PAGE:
Third dam underway at Vaisigano River
The Electric Power Corporation (E.P.C.) is preparing to build a third hydropower dam along the Vaisigano River to maximise power generating flow.
Feasibility and environmental impact studies have been completed for a third dam, in Tiapapata, and now E.P.C. is putting out requests for bids to supply materials and build the dam.
General Manager, Tologata Tile Tuimaleali'ifano, told the Samoa Observer on Monday that the mini-power plant will generate 700 kilowatts, or around two per cent of Samoa’s total demand.
The Tiapapata plant will be the first power generating stop on the Vaisigano, before the flow reaches Alaoa’s 1000 kilowatt plant, then the two plants at Loto Samasoni of 900 kilowatts each, before finally reaching the ocean.
All told, when the third plant is finished, the river will be responsible for generating 3,500 kilowatts of power, as well as another 1,500 kilowatts from the offshoot stream at Fale o le Fee.
“The idea is to use the water two or three times,” the general manager explained.
“We can only do this if the streams are in line [with each other].”
Tologata said of all the renewable energy options available, hydropower has been called the most efficient and affordable option for Samoa.
It costs just $0.12 to $0.15 sene per unit of power to operate and maintain, compared to $1 per unit generated by diesel.
But with an uncertain climate future, Samoa is not investing too heavily and opting to build smaller dams, like the Tiapapata dam.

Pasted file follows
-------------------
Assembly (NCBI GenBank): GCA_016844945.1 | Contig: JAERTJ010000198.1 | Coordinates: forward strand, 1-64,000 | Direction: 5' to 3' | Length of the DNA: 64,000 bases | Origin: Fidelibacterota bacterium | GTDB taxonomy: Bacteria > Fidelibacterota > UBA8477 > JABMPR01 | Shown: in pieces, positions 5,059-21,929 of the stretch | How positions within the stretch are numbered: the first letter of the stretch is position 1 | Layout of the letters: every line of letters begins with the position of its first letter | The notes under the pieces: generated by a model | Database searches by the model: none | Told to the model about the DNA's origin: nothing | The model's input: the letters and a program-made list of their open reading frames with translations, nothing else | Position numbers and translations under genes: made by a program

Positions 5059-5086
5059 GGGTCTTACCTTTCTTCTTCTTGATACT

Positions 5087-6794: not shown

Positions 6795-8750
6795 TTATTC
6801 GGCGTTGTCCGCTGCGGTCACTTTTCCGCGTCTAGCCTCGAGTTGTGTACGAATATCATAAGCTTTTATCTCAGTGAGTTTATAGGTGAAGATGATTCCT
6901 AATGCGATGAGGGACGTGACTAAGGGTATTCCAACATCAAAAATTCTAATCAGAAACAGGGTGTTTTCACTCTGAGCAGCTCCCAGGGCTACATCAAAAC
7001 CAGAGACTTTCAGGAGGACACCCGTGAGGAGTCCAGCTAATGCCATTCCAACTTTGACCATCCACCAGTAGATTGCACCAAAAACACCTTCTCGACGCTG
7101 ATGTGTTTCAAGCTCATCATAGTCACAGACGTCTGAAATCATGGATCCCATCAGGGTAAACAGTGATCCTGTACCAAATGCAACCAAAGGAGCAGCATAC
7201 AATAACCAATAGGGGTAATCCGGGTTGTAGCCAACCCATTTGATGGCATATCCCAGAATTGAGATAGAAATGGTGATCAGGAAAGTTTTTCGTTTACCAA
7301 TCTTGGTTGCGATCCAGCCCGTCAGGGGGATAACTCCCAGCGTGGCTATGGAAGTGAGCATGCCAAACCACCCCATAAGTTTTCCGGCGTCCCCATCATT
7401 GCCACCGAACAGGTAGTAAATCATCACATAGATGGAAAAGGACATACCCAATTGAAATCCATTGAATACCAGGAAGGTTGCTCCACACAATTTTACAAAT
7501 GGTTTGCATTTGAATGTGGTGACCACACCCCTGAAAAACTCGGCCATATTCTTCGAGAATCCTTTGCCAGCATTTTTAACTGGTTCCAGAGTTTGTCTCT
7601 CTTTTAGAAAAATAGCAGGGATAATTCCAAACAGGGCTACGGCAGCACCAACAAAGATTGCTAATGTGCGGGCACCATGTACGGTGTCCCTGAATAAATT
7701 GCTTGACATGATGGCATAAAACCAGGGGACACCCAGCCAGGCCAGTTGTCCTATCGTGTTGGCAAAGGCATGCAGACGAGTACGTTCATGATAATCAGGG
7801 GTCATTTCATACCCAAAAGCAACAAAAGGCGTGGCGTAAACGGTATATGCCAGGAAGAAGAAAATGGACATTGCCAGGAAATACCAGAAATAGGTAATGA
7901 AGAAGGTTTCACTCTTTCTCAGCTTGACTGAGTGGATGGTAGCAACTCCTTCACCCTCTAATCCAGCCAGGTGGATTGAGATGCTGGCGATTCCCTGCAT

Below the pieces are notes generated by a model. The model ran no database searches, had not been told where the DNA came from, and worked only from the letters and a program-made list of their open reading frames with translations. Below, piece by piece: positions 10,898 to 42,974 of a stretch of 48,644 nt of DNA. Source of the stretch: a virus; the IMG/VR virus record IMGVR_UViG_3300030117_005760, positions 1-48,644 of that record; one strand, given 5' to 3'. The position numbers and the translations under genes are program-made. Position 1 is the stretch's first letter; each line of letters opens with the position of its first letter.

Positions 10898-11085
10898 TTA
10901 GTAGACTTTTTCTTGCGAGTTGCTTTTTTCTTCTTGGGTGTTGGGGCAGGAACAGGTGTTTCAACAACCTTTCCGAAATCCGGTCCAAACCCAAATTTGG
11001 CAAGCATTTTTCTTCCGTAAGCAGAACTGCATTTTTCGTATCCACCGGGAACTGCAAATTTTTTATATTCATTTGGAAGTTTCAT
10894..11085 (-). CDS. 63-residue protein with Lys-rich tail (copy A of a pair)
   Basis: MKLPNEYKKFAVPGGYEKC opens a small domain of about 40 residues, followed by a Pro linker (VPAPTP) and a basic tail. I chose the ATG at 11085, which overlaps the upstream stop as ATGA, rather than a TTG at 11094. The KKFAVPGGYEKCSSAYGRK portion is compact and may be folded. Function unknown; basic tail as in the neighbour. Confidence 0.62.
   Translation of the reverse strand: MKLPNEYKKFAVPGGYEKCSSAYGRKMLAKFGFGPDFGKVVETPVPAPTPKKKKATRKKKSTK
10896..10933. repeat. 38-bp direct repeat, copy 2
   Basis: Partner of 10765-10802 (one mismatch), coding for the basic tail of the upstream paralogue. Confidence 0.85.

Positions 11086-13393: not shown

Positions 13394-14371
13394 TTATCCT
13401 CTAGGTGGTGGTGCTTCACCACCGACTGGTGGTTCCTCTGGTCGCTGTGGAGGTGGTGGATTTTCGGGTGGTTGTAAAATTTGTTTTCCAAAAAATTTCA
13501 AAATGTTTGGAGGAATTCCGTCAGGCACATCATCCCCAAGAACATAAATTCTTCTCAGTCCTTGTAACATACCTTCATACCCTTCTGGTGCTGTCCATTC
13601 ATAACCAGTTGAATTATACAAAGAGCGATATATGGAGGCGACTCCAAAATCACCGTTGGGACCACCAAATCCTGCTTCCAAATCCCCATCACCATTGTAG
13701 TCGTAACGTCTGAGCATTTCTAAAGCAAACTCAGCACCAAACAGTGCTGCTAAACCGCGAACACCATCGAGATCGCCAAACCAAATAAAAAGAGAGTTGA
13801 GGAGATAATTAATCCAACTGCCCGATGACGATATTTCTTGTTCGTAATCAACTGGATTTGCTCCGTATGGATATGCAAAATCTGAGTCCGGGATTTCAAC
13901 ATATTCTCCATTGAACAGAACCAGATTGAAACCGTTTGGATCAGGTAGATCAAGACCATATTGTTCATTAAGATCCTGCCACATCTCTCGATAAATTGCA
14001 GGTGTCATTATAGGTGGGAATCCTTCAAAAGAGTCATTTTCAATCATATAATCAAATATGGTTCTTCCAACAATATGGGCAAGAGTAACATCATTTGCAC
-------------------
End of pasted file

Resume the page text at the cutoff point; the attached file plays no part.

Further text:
“What if there is no rain?”
While two per cent of the power demand may seem small, Tologata said the strategy is around building more small dams instead of less large ones.
“We are confronting environmental issues like climate change. If we don’t have rain, then we don’t have water for power generation,” he said.
The planned Alaoa Multipurpose Dam downstream is supposed to try and contend with this issue, by building not only a dam but also water storage and improved flood management.
The Tiapapata dam is expected to cost $5 million, including the supplies and construction for both the dam and the powerhouse on site to manage the power supply, but the cost may change once the tender process is over.
Majority of the land affected is Government land, and Tologata said a smaller plot of land belonging to the Seumanatafa and Malietoa families has been talked over and they are supportive of the project, he said.
He said he does not expect the project to have significant impact on the environment around the dam, but said he would try and share copies of the environmental impact report with the Samoa Observer.
The nvironmental impact study did not reveal any major issues with the project but that any that were raised will need to be strategized around and resolved.
Samoa has a lofty goal of being entirely powered by renewable energy by 2025. In late 2019, E.P.C. Project Manager Fonoti Perelini Perelini said the nation had hit the halfway mark.
Researcher and lecturer from the National University of Samoa, Tupuivao Vaiaso, believes Samoa will more likely hit 90 per cent by deadline, but will need an investment of more than T$643 million to get there.
“It is technically feasible to get close to 100 per cent renewable electricity using a combination of solar hydro, and stored solar energy,” said Mr. Vaiaso, with just 7.5 per cent of electricity produced by diesel.